What could be more a more virtuous food choice than fruit? Natural, full of fiber and vitamins, it is a great snack, and a healthy way to start the day. Or is it?
Dr Georges Mouton, MD, pioneer of functional medicine, gives lectures on – amongst many other health and wellbeing topics – Fructose Damage, that sum up why we should limit intake of this sugar.
Fructose as a potential health hazard
Fructose is the natural sugar found in fruit, and many people believe it is a healthier sugar than glucose, or sucrose (which is around 50% glucose and 50% fructose) – because the body does not bring insulin into play to process it. For this reason, sweet products for diabetics often replace the glucose with fructose, and generally we feel that using agave or fruits to sweeten a dish is preferable to using standard sugar.
However, there are many reasons to steer clear of fructose, whether it comes from completely natural sources such as fruit or honey, or – much worse – in processed forms such as high fructose corn syrup (HFCS) and from agave nectar, which is rarely genuine and often little more than well-marketed HFCS.
In his lecture, Dr Mouton explains how a high fructose diet can accelerate chronic kidney disease and potentially cause certain types of liver disease. He also cites studies that suggest a link between a population’s fructose intake and the incidence of high blood pressure. The metabolic syndrome, which involves central obesity, high blood pressure, and abnormal blood lipids, pre-disposes towards cardiovascular disease and also seems to be triggered by excessive fructose consumption. One study suggests that reducing fructose intake might help to slow the growth of pancreatic cancer.
If all that is not enough, a high intake of fructose can lead to fat gain, in both adults and children.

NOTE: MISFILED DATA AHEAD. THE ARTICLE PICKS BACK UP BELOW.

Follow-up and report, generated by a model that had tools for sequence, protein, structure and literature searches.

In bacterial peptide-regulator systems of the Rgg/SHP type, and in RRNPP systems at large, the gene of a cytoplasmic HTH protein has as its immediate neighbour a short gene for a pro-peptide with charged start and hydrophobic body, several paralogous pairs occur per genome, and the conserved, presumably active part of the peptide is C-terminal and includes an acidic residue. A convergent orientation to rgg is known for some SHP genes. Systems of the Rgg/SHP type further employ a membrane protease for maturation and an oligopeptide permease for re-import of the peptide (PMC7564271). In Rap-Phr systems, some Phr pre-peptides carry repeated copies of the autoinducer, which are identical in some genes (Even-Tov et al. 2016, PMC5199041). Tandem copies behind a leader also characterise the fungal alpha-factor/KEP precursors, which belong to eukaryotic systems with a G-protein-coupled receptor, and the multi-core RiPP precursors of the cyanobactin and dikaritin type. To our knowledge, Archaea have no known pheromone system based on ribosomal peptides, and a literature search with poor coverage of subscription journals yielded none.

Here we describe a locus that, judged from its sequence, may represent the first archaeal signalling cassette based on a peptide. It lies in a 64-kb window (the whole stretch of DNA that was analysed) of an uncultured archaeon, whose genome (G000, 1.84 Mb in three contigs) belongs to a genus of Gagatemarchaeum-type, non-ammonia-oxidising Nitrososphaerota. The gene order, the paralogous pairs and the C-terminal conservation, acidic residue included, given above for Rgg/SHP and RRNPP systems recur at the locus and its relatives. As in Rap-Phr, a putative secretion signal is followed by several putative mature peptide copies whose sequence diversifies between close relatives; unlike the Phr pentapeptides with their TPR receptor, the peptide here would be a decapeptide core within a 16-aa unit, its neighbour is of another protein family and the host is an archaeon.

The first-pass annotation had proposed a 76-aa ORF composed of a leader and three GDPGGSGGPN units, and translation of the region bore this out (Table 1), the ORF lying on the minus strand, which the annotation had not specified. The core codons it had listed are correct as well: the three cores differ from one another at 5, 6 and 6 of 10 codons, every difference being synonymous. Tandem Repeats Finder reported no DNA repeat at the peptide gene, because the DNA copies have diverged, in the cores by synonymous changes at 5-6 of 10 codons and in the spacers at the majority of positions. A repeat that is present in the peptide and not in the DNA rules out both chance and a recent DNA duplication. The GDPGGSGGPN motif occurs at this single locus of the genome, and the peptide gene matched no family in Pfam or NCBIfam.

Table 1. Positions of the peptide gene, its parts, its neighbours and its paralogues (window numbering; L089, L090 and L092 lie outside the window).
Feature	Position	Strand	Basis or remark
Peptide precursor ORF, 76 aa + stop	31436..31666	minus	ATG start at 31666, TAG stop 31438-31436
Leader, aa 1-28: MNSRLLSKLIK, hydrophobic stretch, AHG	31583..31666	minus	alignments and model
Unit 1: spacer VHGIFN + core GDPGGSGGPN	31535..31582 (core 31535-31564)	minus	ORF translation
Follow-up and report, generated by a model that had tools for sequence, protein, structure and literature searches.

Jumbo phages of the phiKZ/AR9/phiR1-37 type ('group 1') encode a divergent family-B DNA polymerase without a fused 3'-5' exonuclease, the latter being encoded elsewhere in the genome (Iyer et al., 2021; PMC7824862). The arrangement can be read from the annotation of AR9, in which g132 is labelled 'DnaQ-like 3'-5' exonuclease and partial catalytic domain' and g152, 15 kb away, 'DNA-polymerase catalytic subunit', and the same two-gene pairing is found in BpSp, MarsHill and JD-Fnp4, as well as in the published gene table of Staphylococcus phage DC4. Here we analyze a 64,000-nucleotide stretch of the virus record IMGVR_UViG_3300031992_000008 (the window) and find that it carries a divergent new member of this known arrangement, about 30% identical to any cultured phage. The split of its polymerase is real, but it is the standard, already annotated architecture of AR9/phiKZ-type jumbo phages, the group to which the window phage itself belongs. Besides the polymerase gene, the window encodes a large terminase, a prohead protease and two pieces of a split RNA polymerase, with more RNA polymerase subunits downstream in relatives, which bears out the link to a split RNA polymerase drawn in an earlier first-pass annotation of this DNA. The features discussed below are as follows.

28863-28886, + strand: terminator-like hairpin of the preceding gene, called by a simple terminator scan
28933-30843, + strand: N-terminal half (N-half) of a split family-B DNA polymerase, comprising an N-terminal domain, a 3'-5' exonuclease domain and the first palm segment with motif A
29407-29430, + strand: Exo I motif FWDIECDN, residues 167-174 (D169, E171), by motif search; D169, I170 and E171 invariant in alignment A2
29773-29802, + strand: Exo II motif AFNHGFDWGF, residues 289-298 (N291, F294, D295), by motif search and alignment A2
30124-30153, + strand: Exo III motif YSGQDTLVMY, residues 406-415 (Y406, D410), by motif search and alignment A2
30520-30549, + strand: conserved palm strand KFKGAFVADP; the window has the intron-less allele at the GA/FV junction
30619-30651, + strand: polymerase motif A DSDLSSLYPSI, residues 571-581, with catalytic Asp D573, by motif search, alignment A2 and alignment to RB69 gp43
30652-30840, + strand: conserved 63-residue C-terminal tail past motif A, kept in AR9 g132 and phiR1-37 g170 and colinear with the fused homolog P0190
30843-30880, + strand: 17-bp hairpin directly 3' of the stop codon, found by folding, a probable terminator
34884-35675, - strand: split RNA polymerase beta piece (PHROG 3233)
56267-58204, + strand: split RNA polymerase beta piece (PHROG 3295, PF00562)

Fruit – an unnatural food if consumed in excess
Whilst much of the problem with fructose comes from processed forms, such as HFCS widely as a sweetener, overuse of fruit juices and smoothies and simply eating too much fruit can alas be harmful for fat loss efforts, and for longer-term health. Many people find this difficult to accept, since fruit is a naturally available food that humans have enjoyed for millennia.
The truth is that until relatively recently, the overwhelming majority of fruit consumed was seasonal, and available mostly in small quantities – bananas and oranges would have been a luxury in the UK, and there would be no strawberries available in winter. Now we can have any kind of fruit at any time of the year, and this is not how fruit should be eaten. Additionally, the plump, sweet varieties of, for example, strawberries on the supermarket shelves are far removed from their wild cousins – consider the size and taste of a wild strawberry.
In Northern European climates, fruit would naturally only be available for a few months – late summer and early autumn. It would then of course be possible to preserve fruits over the winter, putting up apples, or making jams, but the majority of the fruit eating would probably take place over a short period. Before these methods of preserving came into being, early humans would only have been able to eat fruits as and when they were available, and combined with our natural liking for sweet foods, this would have meant a brief fruit fest, before the weather turned colder. There may be an evolutionary reason for this timing, allowing the acceleration of fat storage before the possibility of winter famine.
If you have ever picked your own fruit, you will know how tiring collecting and selecting fruit can be – this is another element that is removed, when we can obtain any fruit without effort.
Fruit was once a seasonal treat that required physical work to obtain. Now it is readily available all year round, in whole and processed forms (smoothies, juices, bars), and we are encouraged to eat several portions of it per day. This style of fruit consumption is unnatural, and many of the fruits we eat are unnatural, in that they are bred for sweetness, and consumed out of season, in countries where they would never normally grow. Add to this the problem of high fructose corn syrup, and we see that our diets are drenched in a type of sugar that has been shown to be potentially harmful for health.
For fat loss, I recommend cutting out fruit. For active, lean individuals, the best fruits are those that are in season and that are less sweet; the best time to eat these is around intense exercise.
Dr Georges Mouton is an internationally acclaimed pioneer of functional medicine. He lectures all over the world, and runs practices in Spain and in London. He is the author of “Dr Mouton’s Methods” and “The Intestinal Ecosystem and Optimal Health”. To find out more and to read his articles and lecture notes, see www.gmouton.com.